What is striking about Mehta’s account is the sense it conveys of the group’s devotion to Shawn. They may rage against those who deny him his due share of praise, but they quickly become calm and gentle as he subtly steers them toward a more generous, more civilized view of Thurber. He was an editor in complete control of a staff utterly devoted to him.
In later years this devotion came to be expressed by some of his admirers as “love.” Here was a strange evolution at a magazine famous for despising sentimentality. A loved editor is a rare beast anywhere in the publishing trades. Many editors are admired, but there is something eerie about an editor being loved. Editors do cruel things to the submissions of writers and cartoonists. Often they throw the work back into the submitter’s face, declaring it unfit to print. Even when condescending to accept it they demand rewriting, restructuring, and slashing that often seem to turn the artist’s or cartoonist’s work into someone else’s. It is unnatural to love someone who commits these cruelties on one’s creative work; no editing matched The New Yorker‘s for thoroughness.
Yet here are 414 pages by Mehta which amount to a declaration of love for Shawn—“the legendary, saintly, canonical Mr. Shawn,” as Renata Adler calls him. And here is an astonishing memoir by Lillian Ross announcing for all the world to know that she loved Shawn and that Shawn loved her back with such vigor for so many years that she regarded herself as his wife. Hers is a love so overpowering that she must shout it out, regardless of any pain it might cause Shawn’s wife and sons. Brendan Gill also loved Shawn. His Here at The New Yorker, published in 1975, is now reissued with a new introduction that Gill wrote in 1997. When Shawn occasionally sent him a memo of thanks for performing some small favor and the memo ended “‘With love,’ then how grateful I had reason to be. For like everyone else on the magazine, I felt a desire, childish as it unquestionably was, to be a Shawn favorite, and even, still more childishly, to be first among his favorites.” What a bizarre confession. One thinks of Proust’s sleepless young Marcel yearning for Maman to come and kiss him goodnight.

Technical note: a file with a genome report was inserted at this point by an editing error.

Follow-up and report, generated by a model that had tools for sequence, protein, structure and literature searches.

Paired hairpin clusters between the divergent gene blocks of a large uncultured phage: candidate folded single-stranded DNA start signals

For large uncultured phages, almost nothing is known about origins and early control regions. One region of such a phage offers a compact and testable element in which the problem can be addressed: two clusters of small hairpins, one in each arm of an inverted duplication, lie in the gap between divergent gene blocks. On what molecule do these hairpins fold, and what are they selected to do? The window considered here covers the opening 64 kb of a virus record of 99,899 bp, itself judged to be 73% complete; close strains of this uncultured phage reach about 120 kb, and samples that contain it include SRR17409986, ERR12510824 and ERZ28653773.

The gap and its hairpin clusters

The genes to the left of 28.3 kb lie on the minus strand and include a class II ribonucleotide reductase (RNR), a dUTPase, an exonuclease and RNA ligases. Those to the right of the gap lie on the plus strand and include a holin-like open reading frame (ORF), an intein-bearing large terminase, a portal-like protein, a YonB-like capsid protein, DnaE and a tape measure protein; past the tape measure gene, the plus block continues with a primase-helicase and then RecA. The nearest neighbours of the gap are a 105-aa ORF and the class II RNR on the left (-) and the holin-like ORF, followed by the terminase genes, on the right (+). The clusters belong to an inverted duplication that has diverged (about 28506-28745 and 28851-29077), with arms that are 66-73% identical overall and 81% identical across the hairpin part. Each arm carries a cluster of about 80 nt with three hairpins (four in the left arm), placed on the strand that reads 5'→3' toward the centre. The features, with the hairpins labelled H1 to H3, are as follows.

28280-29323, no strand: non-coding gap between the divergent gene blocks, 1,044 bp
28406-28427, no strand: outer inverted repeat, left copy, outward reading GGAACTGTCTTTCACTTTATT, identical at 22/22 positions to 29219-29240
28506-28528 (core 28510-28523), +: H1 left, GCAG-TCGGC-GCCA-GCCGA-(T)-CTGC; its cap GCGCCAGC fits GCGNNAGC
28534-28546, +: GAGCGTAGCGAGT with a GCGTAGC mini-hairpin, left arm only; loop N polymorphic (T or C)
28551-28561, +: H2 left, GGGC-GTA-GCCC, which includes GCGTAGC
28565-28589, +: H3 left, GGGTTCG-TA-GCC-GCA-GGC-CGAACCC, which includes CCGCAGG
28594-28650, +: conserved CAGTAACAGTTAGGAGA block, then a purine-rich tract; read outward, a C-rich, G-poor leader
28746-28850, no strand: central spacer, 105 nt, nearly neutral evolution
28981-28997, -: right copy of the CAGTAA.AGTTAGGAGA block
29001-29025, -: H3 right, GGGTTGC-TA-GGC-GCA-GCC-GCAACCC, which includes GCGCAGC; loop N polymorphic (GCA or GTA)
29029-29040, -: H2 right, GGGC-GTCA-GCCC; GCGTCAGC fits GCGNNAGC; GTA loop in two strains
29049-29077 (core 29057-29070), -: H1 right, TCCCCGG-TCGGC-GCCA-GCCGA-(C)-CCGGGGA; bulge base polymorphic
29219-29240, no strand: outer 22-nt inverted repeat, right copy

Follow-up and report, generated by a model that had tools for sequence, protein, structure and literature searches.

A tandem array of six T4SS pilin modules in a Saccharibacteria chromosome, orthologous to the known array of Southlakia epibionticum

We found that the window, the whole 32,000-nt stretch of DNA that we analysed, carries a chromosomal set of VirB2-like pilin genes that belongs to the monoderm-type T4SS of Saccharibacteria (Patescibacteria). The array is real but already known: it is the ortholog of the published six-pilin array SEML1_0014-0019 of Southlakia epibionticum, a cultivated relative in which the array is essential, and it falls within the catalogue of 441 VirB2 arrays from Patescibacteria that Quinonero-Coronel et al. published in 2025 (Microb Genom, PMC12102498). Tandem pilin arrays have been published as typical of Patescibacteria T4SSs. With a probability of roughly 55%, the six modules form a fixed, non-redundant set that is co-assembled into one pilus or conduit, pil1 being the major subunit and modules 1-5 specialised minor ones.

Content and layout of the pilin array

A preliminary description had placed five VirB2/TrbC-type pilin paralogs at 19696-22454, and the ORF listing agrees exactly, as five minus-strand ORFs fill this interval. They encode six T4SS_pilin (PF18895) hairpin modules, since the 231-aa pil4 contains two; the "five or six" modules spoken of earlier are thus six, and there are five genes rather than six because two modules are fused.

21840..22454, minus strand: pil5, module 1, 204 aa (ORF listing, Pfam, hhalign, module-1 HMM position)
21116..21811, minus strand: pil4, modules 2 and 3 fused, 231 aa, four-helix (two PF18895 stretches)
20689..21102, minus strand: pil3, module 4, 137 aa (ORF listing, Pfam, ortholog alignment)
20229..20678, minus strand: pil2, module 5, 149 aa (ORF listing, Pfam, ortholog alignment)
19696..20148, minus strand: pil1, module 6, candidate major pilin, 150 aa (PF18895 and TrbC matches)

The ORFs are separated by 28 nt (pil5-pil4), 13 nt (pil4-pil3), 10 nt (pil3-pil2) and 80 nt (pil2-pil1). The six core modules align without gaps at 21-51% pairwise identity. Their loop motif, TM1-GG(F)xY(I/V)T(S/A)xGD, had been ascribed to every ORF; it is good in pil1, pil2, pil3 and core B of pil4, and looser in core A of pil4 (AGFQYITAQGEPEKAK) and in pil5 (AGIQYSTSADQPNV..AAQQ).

Renata Adler’s memoir Gone is a turmoil of confused emotions. Oh, she loves Shawn all right. While recalling a somewhat tense business meeting with Shawn, she interrupts herself to say, “This may be an odd place to say that I loved him. I did love him.” This is not Adler’s only reference to love. Near the end of her book Shawn is fired and Adler gives The New York Times a comment that infuriates Lillian Ross—the “office wife,” as Adler calls her—prompting Ross to tell her, “You’ve lost the respect of the people who love you here.”
As often happens when love is afoot, it became the source of considerable ill temper among people at the magazine. Adler’s love for Shawn makes it impossible for her to contain her outrage for Lillian Ross’s claim to have been the most thoroughly loved of all his admirers, or, in Gill’s phrase, the “first among his favorites.” Ross’s reveries about thirty years of idyllic love with Shawn succeed only in persuading Adler that, far from loving him, Ross unconsciously “disliked and even despised him.” Ross’s book turns Shawn into “an unctuous, pompous, humorless creep, whose greatness is revealed in his feeling for her—and his dislike and disdain for everybody else.”